Several years after the iPhone's launch, iPhone and iPad cases still aren't quite "a dime a dozen," and Pad and Quill shows why that's not such a bad thing. In the past, they've made attractive cases for iDevices that resemble leather pocketbooks or even Moleskine notebooks, and they recently sent a series of videos demonstrating how they've expanded their product line to encompass new bags and satchels designed to complement their iPhone and iPad cases.
Until recently, my ideal bag was big enough for my laptop, iPad, iPhone, chargers and cables, plus a sweatshirt, a sandwich--anything I could shove inside. And the more space I had, the more I shoved.
So what changed? I had a kid. Now when I leave the house I’ve got not only my laptop bag, but also a baby strapped into a bulky car seat, plus his giant diaper bag. When I got desperate to shave some of that weight, my own oversized bag had to go.
If Saddleback’s Classic Briefcase Thin wrote a book it would be How to Win Friends & Influence People. Everywhere we go with it, this bag inspires conversation. People just want to look at it, feel it, know what the beautiful leather is all about. Even after several months, we’re still ogling it. It’s beautiful, yes. But it’s not perfect for everyone.
This week, we take a look back at the very best of 2011. Whether you're looking for a gift for someone with an iOS device, or even a MacBook, we've got you covered. Read on for 2011's best case scenarios.
I kinda have a thing for bags. I know exactly what I want from them, but it’s so hard to find one that does everything a gadget-hauling nerd like me could wish for. But if I ever get to design my own backpack someday, it’s going to look an awful lot like the Powerbag.
Forget the dog -- bag is man's best friend. Every day, we carry a bag on our backs or hanging off our shoulders to and from work, school, the gym, the yoga studio, or even a friend's house. Bags have to be big enough to carry the essentials and compact enough that you can squeeze by a crowd of standing passengers on the train or bus ride home; they need to be comfortable to wear for prolonged periods of time, and easy to clean if they get into a scuffle with dirt on the ground or a fresh wad of gum on the seat next to you; and they need to be able to lug around your precious computers and gadgets without the worry that something will break on the way home.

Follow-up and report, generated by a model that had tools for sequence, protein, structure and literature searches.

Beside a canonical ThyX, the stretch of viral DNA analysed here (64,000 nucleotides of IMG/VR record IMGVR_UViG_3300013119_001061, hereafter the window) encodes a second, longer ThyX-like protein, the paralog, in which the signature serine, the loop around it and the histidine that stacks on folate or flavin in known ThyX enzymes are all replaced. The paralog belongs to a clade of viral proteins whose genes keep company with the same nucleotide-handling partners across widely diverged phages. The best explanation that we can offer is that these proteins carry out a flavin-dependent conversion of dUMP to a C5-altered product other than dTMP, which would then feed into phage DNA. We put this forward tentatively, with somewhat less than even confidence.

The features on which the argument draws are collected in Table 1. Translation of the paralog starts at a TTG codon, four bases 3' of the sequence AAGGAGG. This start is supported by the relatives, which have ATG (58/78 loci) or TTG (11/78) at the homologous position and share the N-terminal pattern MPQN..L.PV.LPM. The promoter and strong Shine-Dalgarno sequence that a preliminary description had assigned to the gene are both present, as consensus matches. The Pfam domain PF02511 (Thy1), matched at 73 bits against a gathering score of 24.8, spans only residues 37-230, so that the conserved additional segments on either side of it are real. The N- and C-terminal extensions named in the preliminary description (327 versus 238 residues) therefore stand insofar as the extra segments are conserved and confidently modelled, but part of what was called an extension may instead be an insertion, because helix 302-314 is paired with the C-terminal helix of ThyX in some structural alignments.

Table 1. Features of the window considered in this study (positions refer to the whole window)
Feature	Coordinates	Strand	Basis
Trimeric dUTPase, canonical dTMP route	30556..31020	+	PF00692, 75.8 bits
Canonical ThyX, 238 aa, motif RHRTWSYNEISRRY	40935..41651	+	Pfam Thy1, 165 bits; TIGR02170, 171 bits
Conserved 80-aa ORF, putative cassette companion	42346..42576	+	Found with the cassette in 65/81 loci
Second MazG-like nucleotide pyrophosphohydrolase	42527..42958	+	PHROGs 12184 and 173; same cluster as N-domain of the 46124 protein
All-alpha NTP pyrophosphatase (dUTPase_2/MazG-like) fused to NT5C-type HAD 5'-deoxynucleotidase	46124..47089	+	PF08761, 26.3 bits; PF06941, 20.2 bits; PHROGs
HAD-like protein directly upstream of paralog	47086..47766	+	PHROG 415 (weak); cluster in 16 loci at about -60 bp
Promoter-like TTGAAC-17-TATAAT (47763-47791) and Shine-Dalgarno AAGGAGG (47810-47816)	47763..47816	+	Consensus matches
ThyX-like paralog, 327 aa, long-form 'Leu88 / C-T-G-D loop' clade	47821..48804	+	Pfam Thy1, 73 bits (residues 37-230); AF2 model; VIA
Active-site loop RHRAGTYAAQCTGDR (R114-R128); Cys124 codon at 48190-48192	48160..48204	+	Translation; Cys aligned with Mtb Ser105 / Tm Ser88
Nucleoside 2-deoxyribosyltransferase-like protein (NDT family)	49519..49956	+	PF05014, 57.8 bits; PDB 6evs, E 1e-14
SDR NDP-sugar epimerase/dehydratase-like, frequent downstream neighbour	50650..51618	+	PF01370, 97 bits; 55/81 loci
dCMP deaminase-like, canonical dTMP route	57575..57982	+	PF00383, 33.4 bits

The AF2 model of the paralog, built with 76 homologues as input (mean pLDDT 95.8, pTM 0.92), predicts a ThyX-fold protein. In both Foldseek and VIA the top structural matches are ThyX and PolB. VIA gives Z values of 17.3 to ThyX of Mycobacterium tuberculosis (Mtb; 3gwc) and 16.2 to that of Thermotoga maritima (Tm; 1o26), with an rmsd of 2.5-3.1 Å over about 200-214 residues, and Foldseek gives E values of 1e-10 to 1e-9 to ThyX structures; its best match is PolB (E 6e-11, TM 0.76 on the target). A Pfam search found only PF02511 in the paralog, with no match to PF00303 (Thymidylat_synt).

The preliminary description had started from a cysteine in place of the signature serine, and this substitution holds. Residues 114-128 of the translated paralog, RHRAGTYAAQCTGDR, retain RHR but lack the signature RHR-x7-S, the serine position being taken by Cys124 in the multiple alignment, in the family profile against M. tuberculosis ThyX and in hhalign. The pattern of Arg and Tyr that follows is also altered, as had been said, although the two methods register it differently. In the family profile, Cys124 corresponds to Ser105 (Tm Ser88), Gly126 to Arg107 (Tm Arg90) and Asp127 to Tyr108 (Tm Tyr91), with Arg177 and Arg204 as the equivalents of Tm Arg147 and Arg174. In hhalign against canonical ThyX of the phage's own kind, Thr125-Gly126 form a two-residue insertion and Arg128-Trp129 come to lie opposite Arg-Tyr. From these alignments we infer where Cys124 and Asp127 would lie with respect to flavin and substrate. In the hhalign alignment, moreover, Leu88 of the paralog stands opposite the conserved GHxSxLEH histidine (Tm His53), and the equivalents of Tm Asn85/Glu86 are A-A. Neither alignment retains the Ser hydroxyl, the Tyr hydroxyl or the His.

Your DSLR shoots luscious pictures…so why do you dread taking it with you? Blame your camera bag. Chances are, it’s bulky, boxy, and not all that comfortable to carry. That explains why the Domke F-3X won me over so completely when I recently used it to schlep my gear while shooting in the misty hills of Iceland and the rainy streets of Sweden. The bag’s waterproof coating quickly emerged as a priceless feature, but over time, what I dug most is how comfortable it is to wear for prolonged periods, even when loaded to the gills. Its stylish, super-cool looks also just smoke the boxy chunkiness of most other DSLR bags out there.
Earlier today, we got to take a rare tour of the Timbuk2 bag factory here in San Francisco, as part of the SFMade week. The company, known for its durable, high quality and completely customizable bike messenger bags, has an at-home production line to make manufacturing orders as efficient as possible.
The Saddleback Leather bag is 7.5lbs (completely empty) and costs $555 (completely emptying your wallet). We gave it a 3/5 in our review; SOLID is the only fitting score for a bag of this size.
So how are you supposed to get your hands on this fine piece of meat/leather? We’d suggest some sort of abnormal-feat-of-strength contest just to make sure our winner’s qualified to carry the behemoth baggage, but since that’s not practical (and we’d get jealous) we’ll resort to the all too familiar “leave a comment below” strategy.